Many apps today require users’ permission to use their location to work properly like, Google Maps, Uber, etc. However, many users are unclear about how location-sharing works. Also, they are unaware that they can opt between sharing their “general” or “exact” location.
Types of Location-Sharing
There are two types of location data users share with apps. The first, general location, gives apps a radius of users’ current location but not an accurate address. Hence, an app will know the neighborhood of a city a user’s in, but not the pin-point address.
The second, precise location, gives the app the user’s exact location. Generally, it is not bad, but that depends on the app. For instance, navigation apps should know a user’s exact location. Similarly, sharing the exact location is handy when tagging a restaurant, bar, or other place.
But that shows that only a handful of apps need to know a user’s precise location. For instance, social media apps don’t exactly need users’ current location.
Should Users Share Their Precise Location?
Sometimes, sharing precise locations can give additional arsenal to hackers or cybercriminals against users. The reason is that since it shares users’ exact whereabouts, someone can use social media posts to track them.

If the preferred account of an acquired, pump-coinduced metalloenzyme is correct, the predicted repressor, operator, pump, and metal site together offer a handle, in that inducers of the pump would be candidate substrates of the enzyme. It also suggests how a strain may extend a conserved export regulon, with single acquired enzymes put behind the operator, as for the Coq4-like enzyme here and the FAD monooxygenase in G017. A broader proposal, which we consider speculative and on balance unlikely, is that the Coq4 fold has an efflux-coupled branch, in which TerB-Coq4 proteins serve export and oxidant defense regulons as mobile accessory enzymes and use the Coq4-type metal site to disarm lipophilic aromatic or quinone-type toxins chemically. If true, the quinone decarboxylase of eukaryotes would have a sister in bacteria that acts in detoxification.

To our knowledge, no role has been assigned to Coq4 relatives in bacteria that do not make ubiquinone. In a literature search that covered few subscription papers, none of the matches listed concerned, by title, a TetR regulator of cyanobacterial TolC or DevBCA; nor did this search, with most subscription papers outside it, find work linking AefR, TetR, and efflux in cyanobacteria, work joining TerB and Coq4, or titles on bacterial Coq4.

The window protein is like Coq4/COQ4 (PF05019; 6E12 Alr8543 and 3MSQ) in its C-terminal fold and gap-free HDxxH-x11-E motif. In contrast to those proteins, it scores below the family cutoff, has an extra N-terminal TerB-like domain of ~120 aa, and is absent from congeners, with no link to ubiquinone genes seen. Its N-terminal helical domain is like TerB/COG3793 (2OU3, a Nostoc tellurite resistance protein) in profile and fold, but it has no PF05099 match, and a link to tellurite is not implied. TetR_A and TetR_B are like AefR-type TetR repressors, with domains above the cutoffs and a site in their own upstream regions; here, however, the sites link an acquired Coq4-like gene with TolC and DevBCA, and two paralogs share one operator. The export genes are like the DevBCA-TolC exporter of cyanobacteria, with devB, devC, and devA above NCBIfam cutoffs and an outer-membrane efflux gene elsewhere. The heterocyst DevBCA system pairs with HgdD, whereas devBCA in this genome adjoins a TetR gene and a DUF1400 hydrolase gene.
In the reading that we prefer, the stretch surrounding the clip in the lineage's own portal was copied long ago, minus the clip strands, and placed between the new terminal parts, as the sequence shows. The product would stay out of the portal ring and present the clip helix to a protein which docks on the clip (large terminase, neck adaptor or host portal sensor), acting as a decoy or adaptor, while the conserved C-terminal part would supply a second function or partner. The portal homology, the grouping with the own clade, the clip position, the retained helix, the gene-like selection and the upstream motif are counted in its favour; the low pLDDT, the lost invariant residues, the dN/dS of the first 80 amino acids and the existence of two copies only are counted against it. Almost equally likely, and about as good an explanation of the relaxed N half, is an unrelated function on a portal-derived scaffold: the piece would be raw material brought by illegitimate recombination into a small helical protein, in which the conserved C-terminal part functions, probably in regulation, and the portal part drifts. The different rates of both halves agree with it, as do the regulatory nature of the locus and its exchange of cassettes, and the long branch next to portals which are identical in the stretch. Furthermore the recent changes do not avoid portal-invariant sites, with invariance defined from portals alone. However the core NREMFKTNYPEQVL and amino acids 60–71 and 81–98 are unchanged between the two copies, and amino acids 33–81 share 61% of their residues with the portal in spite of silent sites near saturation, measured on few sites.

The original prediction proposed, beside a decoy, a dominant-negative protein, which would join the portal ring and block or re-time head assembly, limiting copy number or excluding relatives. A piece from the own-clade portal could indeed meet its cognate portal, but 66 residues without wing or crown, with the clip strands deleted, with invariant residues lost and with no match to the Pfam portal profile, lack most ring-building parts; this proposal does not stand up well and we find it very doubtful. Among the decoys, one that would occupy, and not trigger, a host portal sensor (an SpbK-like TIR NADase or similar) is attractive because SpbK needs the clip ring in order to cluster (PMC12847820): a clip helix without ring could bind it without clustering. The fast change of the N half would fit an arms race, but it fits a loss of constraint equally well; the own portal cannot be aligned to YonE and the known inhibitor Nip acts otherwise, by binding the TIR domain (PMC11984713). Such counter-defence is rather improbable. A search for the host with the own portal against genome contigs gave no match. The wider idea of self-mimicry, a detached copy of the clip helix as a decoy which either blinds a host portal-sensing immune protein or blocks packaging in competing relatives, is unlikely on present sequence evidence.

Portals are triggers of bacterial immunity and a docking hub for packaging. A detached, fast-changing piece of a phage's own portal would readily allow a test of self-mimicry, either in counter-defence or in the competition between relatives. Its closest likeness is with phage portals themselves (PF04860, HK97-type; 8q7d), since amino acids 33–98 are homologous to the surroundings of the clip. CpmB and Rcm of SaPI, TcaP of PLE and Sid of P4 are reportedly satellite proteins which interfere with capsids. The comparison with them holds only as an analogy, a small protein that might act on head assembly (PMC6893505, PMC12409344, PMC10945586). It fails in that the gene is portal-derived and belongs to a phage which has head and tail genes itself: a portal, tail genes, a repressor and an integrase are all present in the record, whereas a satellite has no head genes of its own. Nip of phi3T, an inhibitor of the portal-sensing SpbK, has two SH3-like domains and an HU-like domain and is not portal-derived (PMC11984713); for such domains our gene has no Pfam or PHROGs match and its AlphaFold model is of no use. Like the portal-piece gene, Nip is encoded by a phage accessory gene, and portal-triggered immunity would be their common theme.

Thankfully, it isn’t public information, as long as a user’s account is private. In addition, social media apps do not share users’ precise location (although they have it) until they tag it in a post. However, sharing exact locations concerns privacy more than security.
If the exact location is on, users share their specific whereabouts with all the companies interested in selling them stuff. And that can get pretty annoying at some point. So, it’s better to turn off precise location.
How to Change Precise Location Settings on the Phone
Unfortunately, users don’t exactly see the precise location button when they open an app for the first time. It is hidden in the mini-map (in iPhones) and set to “On” by default. So, users need to disable it from the beginning before choosing the main location setting, like whether they’d like to share their location with the app all the time, only when using the app, or never.
But, users can also tweak this setting if they have already granted these permissions beforehand. Thus, they can easily manage the exact location settings on iPhones (running iOS 14 and later) or Android devices (running Android 12 and newer).
For iPhone: Open Settings > Privacy > Location Services > Choose the app to manage > Toggle off Precise Location
For Android: Tap and hold the app to manage > App Info > Permissions > All Permissions > Location > Disable Precise location (and enable Approximate location)